Nature and Biblical Reference in Annie Dillard

Topics: Nature, Religion, Human Pages: 5 (1677 words) Published: January 8, 2009
Nature and Biblical Reference in Annie Dillard’s Writing
The Writing by Annie Dillard is very intriguing, she shows with no guidance from another source how people must see for themselves, so they can truly observe nature in its fullest. She often questions the very foundation of human existence. Annie Dillard also focuses on the creation and evolution and frequently questions God and his impact on the nature and human being. God appears a lot in her writing and Annie Dillard often shows her ambivalence toward God.

I would like to focus on the relationship between God, human being and nature and also try to explain the figure of God as Annie Dillard sees it and find a biblical reference in her writing which would be an example of God’s almightiness. Also, there is a conflict between Annie Dillard’s illusion of God, since her thoughts are not united in this topic and reader could get easily confused, whether she is devout or skeptical about God. In the next paragraph I would like to focus on Dillard’s use of the words God and god.

Annie Dillard often uses the word God or god in her writing, but God does not seem to be very positive figure. Even though Annie Dillard is a religious person and she attends church, she does not blindly celebrate God. She does not understand why there is all the suffering, when God is the all-powerful creator of the world. The answer she finds is, that pain and suffering are something similar to a megaphone trough which God sends his emotion to ordinary people. Sometimes reader may get confused by Annie Dillard’s use of the words God and god. God with capital G always refers to Jewish and Christian religion. God is always the God of the Bible and she also speaks of the God of Genesis who “makes the guarantee that there will be night and day and seasons of the year” (Dillard 90). But Annie Dillard refuses to believe that God can do everything. In her Seeing, she points out that God cannot prevent people from going blind, and as she sadly observes “we do need reminding, not of what God can do, but of what he cannot do”(Dillard 61). Annie Dillard always refers to God, when written with capital G, as to him. She always mentions his cruelty and doubts the possibility of God being a female figure, because she would not allow such sorrow.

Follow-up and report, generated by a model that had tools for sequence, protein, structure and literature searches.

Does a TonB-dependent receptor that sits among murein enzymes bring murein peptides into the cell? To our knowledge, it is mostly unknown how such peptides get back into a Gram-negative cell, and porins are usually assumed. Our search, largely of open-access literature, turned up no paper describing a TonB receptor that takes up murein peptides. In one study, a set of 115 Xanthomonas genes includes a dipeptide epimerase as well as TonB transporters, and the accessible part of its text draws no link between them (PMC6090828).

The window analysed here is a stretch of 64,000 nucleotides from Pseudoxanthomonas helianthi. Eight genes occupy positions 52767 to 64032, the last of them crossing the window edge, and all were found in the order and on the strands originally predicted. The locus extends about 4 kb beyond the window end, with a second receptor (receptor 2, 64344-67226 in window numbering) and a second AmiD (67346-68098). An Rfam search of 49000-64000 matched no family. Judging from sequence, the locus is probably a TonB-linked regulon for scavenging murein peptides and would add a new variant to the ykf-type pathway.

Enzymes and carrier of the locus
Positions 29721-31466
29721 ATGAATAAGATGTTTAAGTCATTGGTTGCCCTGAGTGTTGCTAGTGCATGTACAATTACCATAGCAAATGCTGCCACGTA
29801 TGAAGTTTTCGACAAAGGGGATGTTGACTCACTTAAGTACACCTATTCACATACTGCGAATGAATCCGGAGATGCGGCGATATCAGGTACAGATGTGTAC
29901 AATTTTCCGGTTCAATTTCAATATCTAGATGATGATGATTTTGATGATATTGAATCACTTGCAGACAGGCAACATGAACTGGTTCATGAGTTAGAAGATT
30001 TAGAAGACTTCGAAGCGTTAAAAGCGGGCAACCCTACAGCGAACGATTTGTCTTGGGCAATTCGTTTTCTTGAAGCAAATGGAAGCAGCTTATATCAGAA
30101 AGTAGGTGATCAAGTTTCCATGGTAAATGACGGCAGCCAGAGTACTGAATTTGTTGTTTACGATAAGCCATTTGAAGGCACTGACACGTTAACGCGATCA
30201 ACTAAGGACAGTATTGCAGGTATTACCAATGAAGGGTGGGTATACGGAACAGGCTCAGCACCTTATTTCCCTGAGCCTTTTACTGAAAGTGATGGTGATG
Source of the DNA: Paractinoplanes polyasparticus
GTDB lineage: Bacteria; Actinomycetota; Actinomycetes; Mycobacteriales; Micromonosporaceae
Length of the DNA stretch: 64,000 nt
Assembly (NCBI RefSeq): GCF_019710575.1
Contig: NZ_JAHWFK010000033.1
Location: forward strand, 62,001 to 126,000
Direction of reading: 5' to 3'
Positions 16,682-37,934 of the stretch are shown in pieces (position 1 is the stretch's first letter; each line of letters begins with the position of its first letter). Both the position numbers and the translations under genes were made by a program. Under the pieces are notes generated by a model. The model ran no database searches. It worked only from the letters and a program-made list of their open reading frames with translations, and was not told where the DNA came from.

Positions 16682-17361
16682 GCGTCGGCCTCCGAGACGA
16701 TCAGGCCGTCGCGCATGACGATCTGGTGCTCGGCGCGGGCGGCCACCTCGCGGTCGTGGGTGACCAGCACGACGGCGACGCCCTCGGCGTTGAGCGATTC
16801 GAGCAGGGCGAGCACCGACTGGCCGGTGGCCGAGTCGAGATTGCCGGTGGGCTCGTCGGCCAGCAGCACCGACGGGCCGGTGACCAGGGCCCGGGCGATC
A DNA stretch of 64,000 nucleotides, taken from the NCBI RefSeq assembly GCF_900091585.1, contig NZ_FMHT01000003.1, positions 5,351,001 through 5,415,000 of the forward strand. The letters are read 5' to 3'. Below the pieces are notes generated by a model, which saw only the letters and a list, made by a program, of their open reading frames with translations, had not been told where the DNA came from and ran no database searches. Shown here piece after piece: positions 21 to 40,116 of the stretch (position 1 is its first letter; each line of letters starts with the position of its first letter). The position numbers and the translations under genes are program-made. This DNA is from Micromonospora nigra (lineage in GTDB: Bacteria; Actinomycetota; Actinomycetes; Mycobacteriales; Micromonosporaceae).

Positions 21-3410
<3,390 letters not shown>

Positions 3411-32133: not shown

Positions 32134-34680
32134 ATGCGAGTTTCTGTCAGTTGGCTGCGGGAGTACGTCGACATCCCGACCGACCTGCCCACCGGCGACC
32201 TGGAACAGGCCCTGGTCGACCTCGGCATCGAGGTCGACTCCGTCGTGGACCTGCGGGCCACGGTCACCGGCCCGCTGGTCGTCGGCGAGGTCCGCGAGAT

God written with lower case g is not any less important figure. Annie Dillard refers to god or gods when she talks about natural gods or ancient Greek gods, also the every day miracles, such as a tree in the wind or bird caught by her cat. When it comes to the difference between God and god, it seems like the important difference is in godliness. When godliness becomes overwhelming Dillard always uses term God. Unlike god or gods, God participates in the natural processes and is a figure which could be blamed for the suffering. Next paragraph could be a description of the conflict between natural world and how ordinary person sees it and thinks of it.

Annie Dillard is often compared to romantic authors of the nineteenth century. She seems to be broken apart when it comes to thoughts of the Big Bang theory and the perception of Darwinian evolution and the world creation by God. Her scientific knowledge could be one of the reasons for her ambivalence toward God. As an example of cruelty in the world she uses animals, whose behavior is very incomprehensible to people. One of her examples is mating mantises, where the phenomenon of sexual cannibalism is very common. When mating the female mantis starts feeding herself with biting off the male’s head. The mating does not end and surprisingly it actually becomes even more vigorous. Annie Dillard is very interested in many kinds of zoological and botanical events and some parts of her work are related only to stories of eating. The law of nature is not the survival of the strongest individuals. Dillard thinks that it is more likely the matter of accident, luck or simply being in the right place at the right...

Bibliography: Primary sources:
Dillard, Annie. Pilgrim at Tinker Creek. 1973. Rpt.
New York: Harper Collins
Dillard, Annie. For the Time Being. Knopf: 1999
Secondary sources:
Mitchell M. Harris. Masterplots II: Christian Literature.
Salem Press, 2008.
Ronda, Bruce A. Annie Dillard and The Fire of God. Christian Century
New York: 1983
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